Brae and Tylor

Brae and Tylor
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Thursday, 1 July 2010

Juneberry Wine


Wine making.

A recipe for Juneberry wine.

First. Pay your son a few quid to scramble around the tree to pick the ripe fruits before the blackbirds and pigeons steel them. About 4 pounds will do (both as a reasonable payment and as a weight of collected fruit).

Make a special visit to the shops for a lemon and a 2 pound bag of brown suger and store in a suitably dry place for later use.

Make a cuppa tea and have a fag (this is essential unless you are a non-smoker)

Your going to need access to water so dont bother with this if you live in the desert
Buy some yeast well in advance (I use the high alcohol varieties)

Wash and crush the berries in finely meshed nylon straining bag ensuring that most of the bugs and spiders have been removed first (mainly because they dont like the crushing sensation and they dont make good wine).
Add the juice and zest from one lemon - mind you dont get this in your eyes cos it bloody hurts [tip: wear high impact safety goggles and protective gloves when dealing with lemons]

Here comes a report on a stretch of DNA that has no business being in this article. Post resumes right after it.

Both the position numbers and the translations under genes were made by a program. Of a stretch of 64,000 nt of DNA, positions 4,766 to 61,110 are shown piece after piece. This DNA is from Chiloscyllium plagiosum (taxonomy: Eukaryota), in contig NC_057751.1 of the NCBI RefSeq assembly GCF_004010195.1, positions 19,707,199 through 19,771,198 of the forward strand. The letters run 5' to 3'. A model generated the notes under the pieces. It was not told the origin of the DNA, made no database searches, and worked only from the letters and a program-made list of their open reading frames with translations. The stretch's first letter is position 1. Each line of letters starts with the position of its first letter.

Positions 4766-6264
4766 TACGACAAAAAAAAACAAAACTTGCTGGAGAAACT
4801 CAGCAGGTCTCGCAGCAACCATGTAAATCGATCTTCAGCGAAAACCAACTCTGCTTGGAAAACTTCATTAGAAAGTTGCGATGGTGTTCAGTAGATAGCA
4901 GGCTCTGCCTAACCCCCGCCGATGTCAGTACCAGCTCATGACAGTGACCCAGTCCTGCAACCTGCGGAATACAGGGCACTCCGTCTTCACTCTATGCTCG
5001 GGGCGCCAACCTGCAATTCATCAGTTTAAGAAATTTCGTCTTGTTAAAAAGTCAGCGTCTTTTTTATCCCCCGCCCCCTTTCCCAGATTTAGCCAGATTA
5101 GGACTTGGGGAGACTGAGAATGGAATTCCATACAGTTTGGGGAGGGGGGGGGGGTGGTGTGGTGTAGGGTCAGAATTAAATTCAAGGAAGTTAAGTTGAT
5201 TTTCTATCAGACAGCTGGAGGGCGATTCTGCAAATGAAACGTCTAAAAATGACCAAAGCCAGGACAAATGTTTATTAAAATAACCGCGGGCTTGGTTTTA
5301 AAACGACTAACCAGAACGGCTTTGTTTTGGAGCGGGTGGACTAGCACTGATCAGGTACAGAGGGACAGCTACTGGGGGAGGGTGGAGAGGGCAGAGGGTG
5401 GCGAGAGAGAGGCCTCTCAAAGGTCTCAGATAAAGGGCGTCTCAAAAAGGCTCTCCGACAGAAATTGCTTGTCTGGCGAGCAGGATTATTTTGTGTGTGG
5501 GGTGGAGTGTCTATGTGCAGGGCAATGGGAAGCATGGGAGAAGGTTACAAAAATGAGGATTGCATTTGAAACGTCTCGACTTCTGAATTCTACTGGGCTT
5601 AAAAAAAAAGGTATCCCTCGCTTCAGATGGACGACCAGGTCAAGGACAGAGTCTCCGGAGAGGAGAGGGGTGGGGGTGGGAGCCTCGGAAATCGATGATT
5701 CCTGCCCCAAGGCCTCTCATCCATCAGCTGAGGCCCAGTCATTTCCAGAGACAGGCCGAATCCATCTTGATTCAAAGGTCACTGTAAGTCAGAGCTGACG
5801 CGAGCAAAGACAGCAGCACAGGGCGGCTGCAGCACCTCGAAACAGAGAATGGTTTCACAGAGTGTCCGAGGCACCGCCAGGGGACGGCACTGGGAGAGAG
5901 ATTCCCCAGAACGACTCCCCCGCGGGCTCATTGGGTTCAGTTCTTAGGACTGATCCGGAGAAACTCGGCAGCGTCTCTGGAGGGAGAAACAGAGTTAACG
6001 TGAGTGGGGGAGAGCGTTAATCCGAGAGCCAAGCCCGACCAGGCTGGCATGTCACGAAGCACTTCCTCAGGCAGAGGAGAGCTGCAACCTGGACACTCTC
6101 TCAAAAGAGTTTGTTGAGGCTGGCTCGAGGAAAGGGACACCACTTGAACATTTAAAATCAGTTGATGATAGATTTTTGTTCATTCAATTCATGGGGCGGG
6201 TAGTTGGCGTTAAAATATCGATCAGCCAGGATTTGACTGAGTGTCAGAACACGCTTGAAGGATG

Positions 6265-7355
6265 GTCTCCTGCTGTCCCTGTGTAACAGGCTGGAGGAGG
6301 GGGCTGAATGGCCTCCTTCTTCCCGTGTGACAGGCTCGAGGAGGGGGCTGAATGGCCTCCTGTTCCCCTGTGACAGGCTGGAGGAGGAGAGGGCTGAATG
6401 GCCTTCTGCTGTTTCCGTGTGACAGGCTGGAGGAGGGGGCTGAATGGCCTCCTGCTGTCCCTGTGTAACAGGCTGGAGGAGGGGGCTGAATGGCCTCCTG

Stuff this in your previously washed and sterilised bucket with sugar, 3 litres water, (you could crush in a campden tablet if you want - I'm anti chemical stuff so i dont) stirring well to dissolve sugar. Cover with muslin and put in warm place. Leave overnight (if your making this after work) or 12 hours at any other time.

Give it a good stir with a stainless implement - not a stick or loo brush.

Add wine yeast after additional 12 hours.

Stir twice a day for a week and squeeze the straining bag to extract juice and smelly gas produced by the yeast.

At the end of the week (timing is not important) gently squeeze and drain the straining bag - dont go overboard with the squeezing or you will end up with cloudy juice.

Give the whole lot another day to settle and syphen off into a one-gallon demi-john and fit the airlock, place jar onto a tray to alleviate wrath from the missus because this will foam through the airlock onto the polished worksurfaces - or you could leave a little room at the top of the jar and top up later.

After a couple of weeks when the vigorous fermentation subsides top the jar up just below the neck with water (room temperature).

Allow this to ferment for 2 (or more) months until the wine is both clear and has finished working remembering to rack it off after each 30 days.

The brown sugar gives this a sherry like flavour and the high alcohol yeast helps to make you pissed.

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